This is a really difficult question to give you a simple answer for.
Your firewood use depends on various factors including your climate, your fire, the type of wood, and your personal warmth expectations.
In New Zealand our wood is sold by the tossed cubic metre. This is not a good way to measure wood, and you do loose about 33% or a third by volume when you stack it properly. In America and elsewhere in the world, they sell wood by the cord which is a stacked volume measurement 4 foot x 4 foot x 8 foot, or 1.2m x 1.2m x 2.4m making a total of 128 cubic feet or 3.45 cubic meters.
You will need to work out how many weeks of the year that you will be burning wood for. Where we are we generally seldom use the fire after October, and usually re-start using it in April meaning there are about 26 weeks we use it, and 26 weeks that we don’t.
Types of Fireplace
Your firewood consumption varies greatly depending on the type of fireplace or stove in use. For an average burning timber like macrocarpa or birch you can expect:
An ideal baseline is to figure 1 cord per 7 full days of burn for a large open fireplace that does not have any air restriction devices installed.
Non-catalytic wood stoves will use 1 cord every 30 to 60 days.
Catalytic wood stoves will use 1 cord per season for very high efficiency models.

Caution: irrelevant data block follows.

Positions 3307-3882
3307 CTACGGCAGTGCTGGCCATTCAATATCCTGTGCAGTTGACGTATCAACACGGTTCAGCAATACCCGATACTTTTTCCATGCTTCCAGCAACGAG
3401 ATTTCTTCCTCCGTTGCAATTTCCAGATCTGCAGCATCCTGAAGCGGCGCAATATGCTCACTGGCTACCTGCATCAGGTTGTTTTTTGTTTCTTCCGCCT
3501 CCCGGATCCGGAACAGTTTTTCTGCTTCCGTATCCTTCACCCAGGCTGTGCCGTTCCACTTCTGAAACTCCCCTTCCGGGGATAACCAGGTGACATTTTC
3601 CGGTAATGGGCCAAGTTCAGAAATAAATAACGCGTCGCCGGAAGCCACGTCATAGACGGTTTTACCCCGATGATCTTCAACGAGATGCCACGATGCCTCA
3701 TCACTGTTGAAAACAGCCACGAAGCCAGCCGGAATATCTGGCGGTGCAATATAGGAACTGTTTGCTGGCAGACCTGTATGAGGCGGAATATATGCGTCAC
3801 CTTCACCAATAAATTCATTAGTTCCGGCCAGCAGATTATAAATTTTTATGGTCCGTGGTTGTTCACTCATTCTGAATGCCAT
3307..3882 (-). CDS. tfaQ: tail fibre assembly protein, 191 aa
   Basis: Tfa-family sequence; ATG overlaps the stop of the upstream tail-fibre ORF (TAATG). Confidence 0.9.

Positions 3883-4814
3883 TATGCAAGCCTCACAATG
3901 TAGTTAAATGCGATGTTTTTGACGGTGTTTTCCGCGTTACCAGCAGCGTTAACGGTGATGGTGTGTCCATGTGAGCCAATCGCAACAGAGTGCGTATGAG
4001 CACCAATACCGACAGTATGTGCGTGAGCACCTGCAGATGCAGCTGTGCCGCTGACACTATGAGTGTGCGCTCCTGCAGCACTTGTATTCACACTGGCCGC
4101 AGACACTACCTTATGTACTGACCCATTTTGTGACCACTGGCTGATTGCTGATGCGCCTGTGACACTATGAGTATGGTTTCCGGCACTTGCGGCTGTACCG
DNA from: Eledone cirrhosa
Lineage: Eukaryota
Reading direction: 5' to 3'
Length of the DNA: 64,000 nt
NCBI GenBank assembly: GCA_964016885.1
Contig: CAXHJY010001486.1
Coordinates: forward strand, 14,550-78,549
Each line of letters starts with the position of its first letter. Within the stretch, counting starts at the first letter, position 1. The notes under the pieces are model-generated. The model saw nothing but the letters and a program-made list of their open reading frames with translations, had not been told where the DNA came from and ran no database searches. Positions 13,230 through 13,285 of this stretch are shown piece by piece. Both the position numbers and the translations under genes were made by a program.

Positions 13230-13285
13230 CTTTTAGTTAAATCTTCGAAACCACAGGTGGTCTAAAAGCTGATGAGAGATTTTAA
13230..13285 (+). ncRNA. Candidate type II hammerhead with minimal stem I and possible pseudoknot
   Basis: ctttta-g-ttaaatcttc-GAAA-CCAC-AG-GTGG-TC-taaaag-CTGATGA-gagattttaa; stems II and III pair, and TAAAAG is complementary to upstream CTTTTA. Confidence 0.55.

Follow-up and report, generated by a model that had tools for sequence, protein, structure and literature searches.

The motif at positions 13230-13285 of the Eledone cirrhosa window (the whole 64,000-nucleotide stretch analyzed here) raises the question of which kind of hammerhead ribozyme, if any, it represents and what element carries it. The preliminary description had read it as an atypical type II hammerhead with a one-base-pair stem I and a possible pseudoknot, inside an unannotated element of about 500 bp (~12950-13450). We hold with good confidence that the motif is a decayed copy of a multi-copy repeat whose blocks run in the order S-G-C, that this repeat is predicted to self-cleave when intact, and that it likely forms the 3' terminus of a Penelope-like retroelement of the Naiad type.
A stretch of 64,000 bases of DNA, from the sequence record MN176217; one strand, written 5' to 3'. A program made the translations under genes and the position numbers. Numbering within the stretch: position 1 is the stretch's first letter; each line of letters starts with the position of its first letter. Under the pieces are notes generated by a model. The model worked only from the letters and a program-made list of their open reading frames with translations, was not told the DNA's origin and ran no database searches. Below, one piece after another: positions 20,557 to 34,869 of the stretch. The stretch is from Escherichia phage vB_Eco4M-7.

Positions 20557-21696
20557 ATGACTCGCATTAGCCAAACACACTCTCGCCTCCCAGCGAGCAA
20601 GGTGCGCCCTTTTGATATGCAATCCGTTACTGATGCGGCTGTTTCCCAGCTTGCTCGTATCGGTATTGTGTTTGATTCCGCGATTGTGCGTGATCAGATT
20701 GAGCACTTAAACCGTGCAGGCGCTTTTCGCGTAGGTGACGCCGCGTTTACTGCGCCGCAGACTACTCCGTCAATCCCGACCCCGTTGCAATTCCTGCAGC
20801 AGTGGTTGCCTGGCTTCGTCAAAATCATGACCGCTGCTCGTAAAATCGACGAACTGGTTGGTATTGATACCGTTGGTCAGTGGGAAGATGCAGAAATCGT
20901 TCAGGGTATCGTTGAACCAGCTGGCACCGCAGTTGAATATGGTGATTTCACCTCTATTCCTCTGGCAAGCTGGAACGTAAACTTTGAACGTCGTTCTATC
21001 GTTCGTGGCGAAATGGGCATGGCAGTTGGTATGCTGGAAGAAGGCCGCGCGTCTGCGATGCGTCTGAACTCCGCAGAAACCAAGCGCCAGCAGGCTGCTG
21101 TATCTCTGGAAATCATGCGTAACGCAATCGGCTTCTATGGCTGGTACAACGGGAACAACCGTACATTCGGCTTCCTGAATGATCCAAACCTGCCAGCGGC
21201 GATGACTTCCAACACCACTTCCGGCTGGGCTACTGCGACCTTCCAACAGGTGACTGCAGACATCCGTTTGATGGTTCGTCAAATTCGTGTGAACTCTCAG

Types of wood
Soft woods burn cooler and faster, harder woods burn hotter and longer. You can often get a mix of several types of wood to make the most of both of these options.
If you burn soft wood you may need as much as twice the volume of hard wood.
To demonstrate this, when we first moved in we had white pine from when we cleared to put in the house. We were burning 4 tubs of this per day. Once it was finished we used the dry eucalyptus that we had from the year before and we only burned 2 tubs of it a day.
Then we had a small volume of gorse wood that we had cleared off our section and it was so good and hot we only had to burn one tub of it a day, but we needed some softer wood to get the fire started because the fire had to be quite hot before the gorse would catch fire.
Houses vary widely in how much heat they retain and how much heat they need produced to keep them at the reasonable temperature. Also, what constitutes “reasonable temperature” varies depending on your preference.
We only put the fire on if the temperature drops below 18 Celsius in the living room, others may have a much warmer threshold.
A good place to start
A rule of thumb is for an average 100m2/1000sqft home in a not too cold of a climate will need about 3 cords or 10m3 of wood. This is a good place for most people to start.
If you have the space, aim to get twice this and measure how much you have left at the end of a winter. The you can use this as a reference for the following year, allowing an extra 20% of so in case of a colder year.